What Marginalized groups are affected by the prison industrial complex?
Just as a reminder my question is how the prison industrial complex affects marginalized groups. In this blog post I will be talking about what groups are affected by the prison industrial complex and how people’s intersecting marginalized identities play a role in how they are affected by the prison industrial complex.
I spoke about this briefly in my last blogpost but as we know private prisons make money off how any inmates they house. This need for inmates creates a surplus of policing in lower-class, and marginalized areas where often people do not have access to the resources needed to live a “healthy lifestyle”. When people do not have access to the resources and necessities needed to live a healthy life, they turn to crime just to have access to things they need to live. This is a perfect example of how the prison industrial complex functions, the linkage between the government, prisons, policing, and the media. The Government is not providing resources to lower-class and marginalized communities, thus resulting in crime and more people being incarcerated.
So, who exactly is impacted by the prison industrial complex? Currently in the “USA” half of their prison population is African American and More than 70 percent of people incarcerated are people of color (3). There are a few reasons for this, one of them being the need to fill these for-profit prisons. The political economy of prisons often relies on racist stereotypes of criminality forced upon predominantly black peoples. These racist stereotypes lead injustices such as black men being five times more likely to be arrested for a drug offense than their white counterparts (3). Prisons housing largely people of color is also due to racist practices that happen during arrest, conviction, and sentencing (2). The prison industrial complex not only targets those who are low income and people of color but also those who are mentally ill. in the United States approximately 200,000 of their inmates suffer from a serious mental illness and around 40 percent of individuals with serious mental illnesses go to prison at some point in their lives (4). Instead of being cared for my mental health professionals and given the resources needed to succeed in their communities they opt to put those who are mentally ill in prisons thus making the economy of prisons stronger (3).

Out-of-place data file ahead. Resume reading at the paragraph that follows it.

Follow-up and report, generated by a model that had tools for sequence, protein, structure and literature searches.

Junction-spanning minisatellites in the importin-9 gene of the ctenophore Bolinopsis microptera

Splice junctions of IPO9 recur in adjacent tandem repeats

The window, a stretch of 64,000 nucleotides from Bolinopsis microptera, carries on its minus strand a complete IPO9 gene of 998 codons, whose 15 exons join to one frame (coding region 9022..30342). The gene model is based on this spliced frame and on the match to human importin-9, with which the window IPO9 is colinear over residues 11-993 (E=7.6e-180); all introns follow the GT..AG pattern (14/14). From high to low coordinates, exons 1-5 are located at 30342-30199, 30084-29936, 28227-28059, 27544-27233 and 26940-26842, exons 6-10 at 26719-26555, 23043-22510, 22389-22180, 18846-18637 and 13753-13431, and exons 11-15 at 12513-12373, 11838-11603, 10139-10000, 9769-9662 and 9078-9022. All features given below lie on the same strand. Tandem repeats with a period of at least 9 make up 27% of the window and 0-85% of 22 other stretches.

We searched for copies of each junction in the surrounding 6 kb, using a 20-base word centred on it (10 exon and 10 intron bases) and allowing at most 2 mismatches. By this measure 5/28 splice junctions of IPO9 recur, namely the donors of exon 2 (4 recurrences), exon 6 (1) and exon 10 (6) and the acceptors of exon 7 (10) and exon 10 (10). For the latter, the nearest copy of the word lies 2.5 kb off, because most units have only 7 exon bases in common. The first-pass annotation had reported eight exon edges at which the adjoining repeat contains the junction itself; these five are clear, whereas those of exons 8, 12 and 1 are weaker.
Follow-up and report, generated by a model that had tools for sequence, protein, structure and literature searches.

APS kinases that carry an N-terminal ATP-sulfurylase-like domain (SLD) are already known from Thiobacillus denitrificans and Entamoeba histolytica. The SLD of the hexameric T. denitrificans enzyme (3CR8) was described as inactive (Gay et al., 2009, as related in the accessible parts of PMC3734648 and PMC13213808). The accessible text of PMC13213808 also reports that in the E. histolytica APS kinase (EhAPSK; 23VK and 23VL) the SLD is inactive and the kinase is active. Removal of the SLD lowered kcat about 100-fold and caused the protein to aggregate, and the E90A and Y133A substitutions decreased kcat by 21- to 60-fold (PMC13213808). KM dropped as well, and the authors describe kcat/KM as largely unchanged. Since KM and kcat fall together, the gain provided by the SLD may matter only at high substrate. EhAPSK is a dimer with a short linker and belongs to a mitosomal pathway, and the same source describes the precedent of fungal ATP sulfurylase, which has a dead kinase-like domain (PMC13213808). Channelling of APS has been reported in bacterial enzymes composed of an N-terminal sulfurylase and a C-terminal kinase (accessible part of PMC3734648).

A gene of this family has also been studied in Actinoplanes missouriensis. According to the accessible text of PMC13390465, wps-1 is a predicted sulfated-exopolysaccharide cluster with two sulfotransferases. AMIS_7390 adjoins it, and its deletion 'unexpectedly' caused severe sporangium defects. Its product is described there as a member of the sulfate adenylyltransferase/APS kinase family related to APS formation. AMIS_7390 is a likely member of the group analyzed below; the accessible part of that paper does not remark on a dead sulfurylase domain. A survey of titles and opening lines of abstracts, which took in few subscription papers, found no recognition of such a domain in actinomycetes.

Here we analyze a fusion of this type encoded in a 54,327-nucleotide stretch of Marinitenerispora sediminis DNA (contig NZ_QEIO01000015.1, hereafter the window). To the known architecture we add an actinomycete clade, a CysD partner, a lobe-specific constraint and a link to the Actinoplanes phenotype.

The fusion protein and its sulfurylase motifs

It is also important to talk about how intersecting marginalized identities can play a role in how people are affected by the prison industrial complex. While the rate of incarceration for those who suffer from mental illness, people of color, and those who are lower class is disproportionally high it’s important to note how having these intersecting identities can lead to a higher chance of incarceration. For example, for African American men with no more than a high school education serving time in prison has become the societal norm (1), all Because of their status as a racial minority and their lack of education (thus leading to class inequity).
In sum the prison industrial complex largely targets people of color (mostly black and brown people) and those without the resources needed to live and receive the help they need. In my next blog post i will be touching on how the prison industrial complex affects these marginalized groups and how/ if the term prison industrial complex is relevant here is so called “Canada.”
- Authors Bruce Western and Becky Pettit, Author Information BRUCE WESTERN, Information, A., & Western, B. (n.d.). Incarceration & Social Inequality. American Academy of Arts & Sciences. Retrieved April 29, 2022, from https://www.amacad.org/publication/incarceration-social-inequality
- Davis, A. (2015, April 18). Masked racism: Reflections on the prison industrial complex. Colorlines. Retrieved April 29, 2022, from https://www.colorlines.com/articles/masked-racism-reflections-prison-industrial-complex
- Schlosser, E. (2020, June 16). The prison-industrial complex. The Atlantic. Retrieved April 29, 2022, from https://www.theatlantic.com/magazine/archive/1998/12/the-prison-industrial-complex/304669/
- Schulman-Hall, J., Marks, Z., Chenoweth, E., Francis, R. W., & DeWolf, R. (2021, July 26). The rebirth of institutionalism: From mental hospitals to the prison industrial complex. Ms. Magazine. Retrieved April 29, 2022, from https://msmagazine.com/2021/07/20/mental-hospitals-prison-industrial-complex-mental-health-illness-women/